Kieran McArdle doesn’t skip a beat when asked to identify his favorite classes growing up. “Can gym be Nos. 1, 2 and 3?” laughs McArdle, a first-year K–5 physical education teacher at PS 48 in upper Manhattan.
A five-year veteran of Major League Lacrosse, McArdle is the embodiment of what the city’s Department of Education hopes to achieve with PE Works: The initiative aims to transform gym class into “an important academic subject that teaches students to be physically active, work as a team and set fitness goals that can last a lifetime” while putting at least one licensed, certified PE teacher in every elementary school.
“I really can’t see myself doing anything else but being involved with sports and physical activity,” says McArdle, who plays offense for the Florida Launch. “It’s the lifestyle I have always lived, and it’s pretty awesome to share it with the next generation.”
Growing up in Ronkonkoma on Long Island, McArdle played soccer, football, lacrosse and basketball. “As far back as I can remember, I have wanted to be a teacher,” he says. “I wrote in a journal in 3rd grade that I wanted to be a gym teacher, probably because my dad was. It’s humbling being able to both play lacrosse and teach.”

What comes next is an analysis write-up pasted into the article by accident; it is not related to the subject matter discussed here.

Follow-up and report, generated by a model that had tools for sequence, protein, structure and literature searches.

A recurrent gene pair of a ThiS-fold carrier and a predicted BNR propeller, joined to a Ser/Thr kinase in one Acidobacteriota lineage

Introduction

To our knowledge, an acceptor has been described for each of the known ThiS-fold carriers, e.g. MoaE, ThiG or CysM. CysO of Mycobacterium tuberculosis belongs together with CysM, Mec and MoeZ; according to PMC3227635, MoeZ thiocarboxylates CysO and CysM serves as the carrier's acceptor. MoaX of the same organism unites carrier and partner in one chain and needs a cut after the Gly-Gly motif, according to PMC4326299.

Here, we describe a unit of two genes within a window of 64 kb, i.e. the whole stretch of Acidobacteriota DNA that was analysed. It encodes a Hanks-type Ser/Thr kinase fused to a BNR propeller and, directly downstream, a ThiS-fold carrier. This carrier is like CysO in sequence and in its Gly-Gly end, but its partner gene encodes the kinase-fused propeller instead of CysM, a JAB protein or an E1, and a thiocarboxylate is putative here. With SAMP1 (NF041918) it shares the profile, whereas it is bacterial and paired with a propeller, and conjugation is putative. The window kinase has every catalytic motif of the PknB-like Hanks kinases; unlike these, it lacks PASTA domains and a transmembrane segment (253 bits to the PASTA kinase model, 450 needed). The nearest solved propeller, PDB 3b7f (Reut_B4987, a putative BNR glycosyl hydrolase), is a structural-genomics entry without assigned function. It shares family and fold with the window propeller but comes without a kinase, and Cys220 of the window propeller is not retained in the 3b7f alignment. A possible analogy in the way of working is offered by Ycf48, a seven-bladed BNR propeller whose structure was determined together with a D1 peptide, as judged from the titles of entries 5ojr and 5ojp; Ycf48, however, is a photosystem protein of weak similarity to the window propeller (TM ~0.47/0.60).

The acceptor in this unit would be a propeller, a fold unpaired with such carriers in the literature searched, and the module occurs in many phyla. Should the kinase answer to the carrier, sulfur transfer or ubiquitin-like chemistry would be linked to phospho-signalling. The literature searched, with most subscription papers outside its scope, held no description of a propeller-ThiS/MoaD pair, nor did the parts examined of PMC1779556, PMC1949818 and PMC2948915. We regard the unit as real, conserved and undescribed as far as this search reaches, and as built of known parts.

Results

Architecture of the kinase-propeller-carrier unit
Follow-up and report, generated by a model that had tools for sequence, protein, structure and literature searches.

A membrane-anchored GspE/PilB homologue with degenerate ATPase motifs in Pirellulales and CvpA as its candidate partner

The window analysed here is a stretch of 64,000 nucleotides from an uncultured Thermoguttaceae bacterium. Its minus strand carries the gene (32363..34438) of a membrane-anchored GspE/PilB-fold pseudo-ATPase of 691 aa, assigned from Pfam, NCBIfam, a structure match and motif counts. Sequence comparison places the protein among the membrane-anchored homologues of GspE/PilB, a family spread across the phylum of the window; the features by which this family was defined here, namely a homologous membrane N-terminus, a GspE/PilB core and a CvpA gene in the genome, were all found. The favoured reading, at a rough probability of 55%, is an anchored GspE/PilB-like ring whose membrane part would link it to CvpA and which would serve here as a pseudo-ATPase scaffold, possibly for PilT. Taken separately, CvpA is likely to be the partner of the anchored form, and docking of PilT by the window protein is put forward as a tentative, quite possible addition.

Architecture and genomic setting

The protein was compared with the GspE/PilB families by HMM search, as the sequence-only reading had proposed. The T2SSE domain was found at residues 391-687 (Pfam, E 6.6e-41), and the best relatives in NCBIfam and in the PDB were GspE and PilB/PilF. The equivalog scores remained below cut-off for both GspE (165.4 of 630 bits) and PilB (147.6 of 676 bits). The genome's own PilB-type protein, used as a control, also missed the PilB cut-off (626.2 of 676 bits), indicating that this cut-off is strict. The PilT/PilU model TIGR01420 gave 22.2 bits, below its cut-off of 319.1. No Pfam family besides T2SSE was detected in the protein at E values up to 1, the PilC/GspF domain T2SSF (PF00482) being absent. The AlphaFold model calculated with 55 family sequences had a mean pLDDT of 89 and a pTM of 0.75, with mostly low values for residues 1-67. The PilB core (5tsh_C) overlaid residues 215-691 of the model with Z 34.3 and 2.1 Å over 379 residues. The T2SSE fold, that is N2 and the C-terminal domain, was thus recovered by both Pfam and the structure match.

In Major League Lacrosse, and in the professional indoor league where McArdle plays in winter, “you don’t get a huge paycheck like the other big-time sports, so it’s a part-time job and I only travel on weekends,” he explains.
McArdle was recruited to play lacrosse at St. John’s University, where he was a three-time All American and a two-time Big East Offensive Player of the Year. He was drafted in his senior year at St. John’s and earned his master’s in education and his certification in physical education from Hofstra University while playing in the major leagues, where he was Rookie of the Year in 2014 and an All Star every year since.
“In the lacrosse world, I am pretty well-known. Outside of that, no,” he says. “I asked a few of my classes if they had even heard of lacrosse. About four or five students raised their hands.”
McArdle hopes to change that. “I think a lot of them will really enjoy the game when I introduce it to them. Hopefully, with my great coaching,” he jokes, “they’ll be able to pick it up.”
McArdle is an instructor at summer lacrosse camps and clinics. Seeing the improvement kids make playing lacrosse and seeing the impact he can make solidified McArdle’s desire to teach.
Working with kids also showed him that “you have to make it fun and entertaining and get them engaged for things to run smoothly. It’s really easy to lose” their attention.
While he hopes his love of lacrosse and all physical activity will be contagious, he says there are lessons to be learned, too.
Students “learn discipline, how to follow rules and directions, sportsmanship. They learn how to take in information and apply it, and they also have interaction with other kids,” McArdle says. Sports can teach “a lot of things you can use as life skills.”